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Voucher defeat doesn't solve question of who controls education

Published November 11, 2007 12:00 am
This is an archived article that was published on sltrib.com in 2007, and information in the article may be outdated. It is provided only for personal research purposes and may not be reprinted.

The future of education in Utah seems bright after the debate and vote on Referendum 1. It's bright because politics are not policy and, though politics have determined our collective response to House Bill 148, politics have not even begun to address the underlying issue: Who controls the education of children?

What if that had been the ballot question? What if Referendum 1 stated, "Parents control the upbringing and education of their children. Yes or no?" How do you think that vote would have turned out?



Even if the nearly 190,000 of us who voted for Referendum 1 accepted the anti-voucher majority's generous invitation to collaborate in making our public schools the greatest in the world, the two camps face a crucial point of contention because it seems we disagree over this question of control.

The Utah Constitution provides no guidance. It mandates the creation and maintenance of our public schools but does not require all children to attend them. State statute does address the question to a degree, but only confuses matters more. It imposes compulsory attendance for all, but then allows families to choose private schools or home school.

Utah Code 53A-6-102 (1) (a) and (b) states that education is "perhaps the most important function of state and local governments," but continues to read, "The primary responsibility for the education of children in the state resides with their parents or guardians and the role of state and local governments is to support and assist parents in fulfilling that responsibility."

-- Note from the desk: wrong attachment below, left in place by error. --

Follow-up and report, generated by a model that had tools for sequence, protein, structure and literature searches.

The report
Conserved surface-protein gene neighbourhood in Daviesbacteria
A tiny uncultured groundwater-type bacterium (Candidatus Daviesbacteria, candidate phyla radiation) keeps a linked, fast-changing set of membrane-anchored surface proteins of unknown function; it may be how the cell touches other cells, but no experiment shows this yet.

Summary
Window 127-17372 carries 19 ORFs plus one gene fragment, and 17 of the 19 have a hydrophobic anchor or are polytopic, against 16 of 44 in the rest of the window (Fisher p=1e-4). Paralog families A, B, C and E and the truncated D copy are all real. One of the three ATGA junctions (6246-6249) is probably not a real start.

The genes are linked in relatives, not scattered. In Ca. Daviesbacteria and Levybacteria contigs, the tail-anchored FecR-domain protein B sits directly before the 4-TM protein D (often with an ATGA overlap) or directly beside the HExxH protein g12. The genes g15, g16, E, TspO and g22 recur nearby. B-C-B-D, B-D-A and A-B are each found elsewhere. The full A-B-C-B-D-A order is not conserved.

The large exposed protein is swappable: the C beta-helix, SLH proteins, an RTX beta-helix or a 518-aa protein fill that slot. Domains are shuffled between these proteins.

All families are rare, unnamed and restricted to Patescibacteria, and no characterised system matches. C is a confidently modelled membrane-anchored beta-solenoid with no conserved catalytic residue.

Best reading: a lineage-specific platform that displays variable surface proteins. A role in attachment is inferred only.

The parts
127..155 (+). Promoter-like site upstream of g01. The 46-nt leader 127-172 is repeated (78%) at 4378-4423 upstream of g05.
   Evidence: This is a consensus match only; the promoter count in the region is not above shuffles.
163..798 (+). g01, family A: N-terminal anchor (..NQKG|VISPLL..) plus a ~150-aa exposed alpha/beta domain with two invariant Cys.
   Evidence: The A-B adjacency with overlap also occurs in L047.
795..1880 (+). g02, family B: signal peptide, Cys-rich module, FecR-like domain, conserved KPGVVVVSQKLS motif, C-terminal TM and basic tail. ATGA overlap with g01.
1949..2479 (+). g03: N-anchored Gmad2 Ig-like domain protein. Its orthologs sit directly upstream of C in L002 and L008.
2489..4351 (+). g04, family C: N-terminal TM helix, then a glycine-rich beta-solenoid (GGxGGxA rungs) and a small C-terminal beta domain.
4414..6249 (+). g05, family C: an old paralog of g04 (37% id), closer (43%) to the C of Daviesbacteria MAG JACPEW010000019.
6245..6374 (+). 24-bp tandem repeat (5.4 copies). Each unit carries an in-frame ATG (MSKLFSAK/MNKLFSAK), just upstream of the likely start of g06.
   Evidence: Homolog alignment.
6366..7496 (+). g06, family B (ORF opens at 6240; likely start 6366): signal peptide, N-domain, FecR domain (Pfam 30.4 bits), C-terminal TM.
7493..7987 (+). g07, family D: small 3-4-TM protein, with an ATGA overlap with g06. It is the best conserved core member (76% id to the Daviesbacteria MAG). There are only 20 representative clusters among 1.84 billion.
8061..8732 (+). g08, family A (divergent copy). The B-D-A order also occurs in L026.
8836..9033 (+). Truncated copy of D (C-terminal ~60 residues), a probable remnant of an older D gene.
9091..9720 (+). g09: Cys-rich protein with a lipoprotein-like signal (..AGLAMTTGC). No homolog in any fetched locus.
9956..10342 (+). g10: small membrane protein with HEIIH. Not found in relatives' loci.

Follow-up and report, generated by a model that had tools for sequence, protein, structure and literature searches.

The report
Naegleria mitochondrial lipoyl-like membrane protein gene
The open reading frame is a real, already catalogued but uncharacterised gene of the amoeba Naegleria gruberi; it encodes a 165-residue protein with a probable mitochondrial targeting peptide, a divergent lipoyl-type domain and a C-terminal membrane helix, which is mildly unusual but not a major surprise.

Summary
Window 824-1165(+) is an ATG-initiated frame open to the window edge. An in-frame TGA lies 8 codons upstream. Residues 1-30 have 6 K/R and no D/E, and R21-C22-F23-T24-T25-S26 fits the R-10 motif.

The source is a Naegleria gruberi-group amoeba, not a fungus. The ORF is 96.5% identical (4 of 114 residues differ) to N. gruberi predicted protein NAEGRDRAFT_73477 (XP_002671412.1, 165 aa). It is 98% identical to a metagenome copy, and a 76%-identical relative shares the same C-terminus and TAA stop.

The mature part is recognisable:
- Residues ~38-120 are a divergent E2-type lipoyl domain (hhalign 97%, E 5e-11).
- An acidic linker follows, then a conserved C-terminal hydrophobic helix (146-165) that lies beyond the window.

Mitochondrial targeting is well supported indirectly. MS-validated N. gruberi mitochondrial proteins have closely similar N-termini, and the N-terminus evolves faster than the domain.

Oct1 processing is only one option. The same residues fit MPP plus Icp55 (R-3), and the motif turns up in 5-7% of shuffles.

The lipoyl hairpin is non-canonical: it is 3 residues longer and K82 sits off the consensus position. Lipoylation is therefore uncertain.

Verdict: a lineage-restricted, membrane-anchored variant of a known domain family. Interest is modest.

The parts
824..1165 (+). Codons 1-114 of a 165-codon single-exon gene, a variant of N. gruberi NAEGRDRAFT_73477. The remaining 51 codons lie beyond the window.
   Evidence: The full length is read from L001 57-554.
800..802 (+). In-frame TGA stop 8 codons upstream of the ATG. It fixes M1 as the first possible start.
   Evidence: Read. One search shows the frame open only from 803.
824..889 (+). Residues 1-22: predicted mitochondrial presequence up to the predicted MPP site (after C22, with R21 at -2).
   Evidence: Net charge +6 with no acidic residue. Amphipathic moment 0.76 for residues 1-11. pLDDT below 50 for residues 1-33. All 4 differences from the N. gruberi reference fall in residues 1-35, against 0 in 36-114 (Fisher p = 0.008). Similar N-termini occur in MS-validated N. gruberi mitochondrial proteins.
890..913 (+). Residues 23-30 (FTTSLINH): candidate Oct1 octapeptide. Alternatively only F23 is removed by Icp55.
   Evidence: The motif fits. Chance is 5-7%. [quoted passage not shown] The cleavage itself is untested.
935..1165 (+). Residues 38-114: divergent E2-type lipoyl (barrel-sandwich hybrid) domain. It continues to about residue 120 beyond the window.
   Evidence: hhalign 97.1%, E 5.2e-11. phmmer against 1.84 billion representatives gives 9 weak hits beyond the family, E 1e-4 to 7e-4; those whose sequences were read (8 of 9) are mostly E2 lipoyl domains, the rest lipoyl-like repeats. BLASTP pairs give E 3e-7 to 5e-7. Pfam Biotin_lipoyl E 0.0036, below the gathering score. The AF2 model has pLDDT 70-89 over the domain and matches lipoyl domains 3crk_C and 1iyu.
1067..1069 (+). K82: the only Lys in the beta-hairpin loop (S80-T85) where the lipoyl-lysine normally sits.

The U.S. Constitution is clear in this respect. A fundamental liberty interest exists for parents in the upbringing and education of their children, while there is no such fundamental right to an education (or food, clothing, shelter and health care . . . unless you're a ward of the state at Point of the Mountain!). And yet, Utah's education experts, from BYU to the U. of U. to every leader of public school-related associations, seem to think that all children are their children and parents exist to support these experts and their seasoned opinions.

Surely lesser questions will be confronted and might be decided before this one. Merit pay to increase teacher salaries, abandoning No Child Left Behind, partisan elections of the Utah State Board of Education members, allowing all teachers to act as professionals and not just babysitters, creating new standards of success for students, decentralizing decision-making to allow true "neighborhood" schools, and ridding the system of its one-size-fits-all mentality are just some of the issues that might be decided in upcoming legislative sessions.

And what about the students failed by the public school system? One-third of Utah's Hispanic students drop out and another 4-in-10 don't graduate with a diploma. In other words, three-fourths of these students fail in our public schools. Defeating the new private school voucher law didn't make them magically disappear. If anything, their plight has worsened as they are left to languish in their effectively-segregated boundary schools.

None of these very important issues will be settled with finality until we first settle the core of our contentions. We can continue to ignore this question and fight endlessly over education policy, or we can look in the mirror and determine our collective education identity. Either we are a free and pluralistic people in control of our own destinies, or we are Plato's children of the state - both ideals acting in the name of the common good.

So which will it be, Utah? Is it the state and its children, or parents and their children?

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* PAUL MERO is president of the Sutherland Institute, which supports taxpayer-funded vouchers for private schools and other conservative public-policy initiatives.

 

 

 

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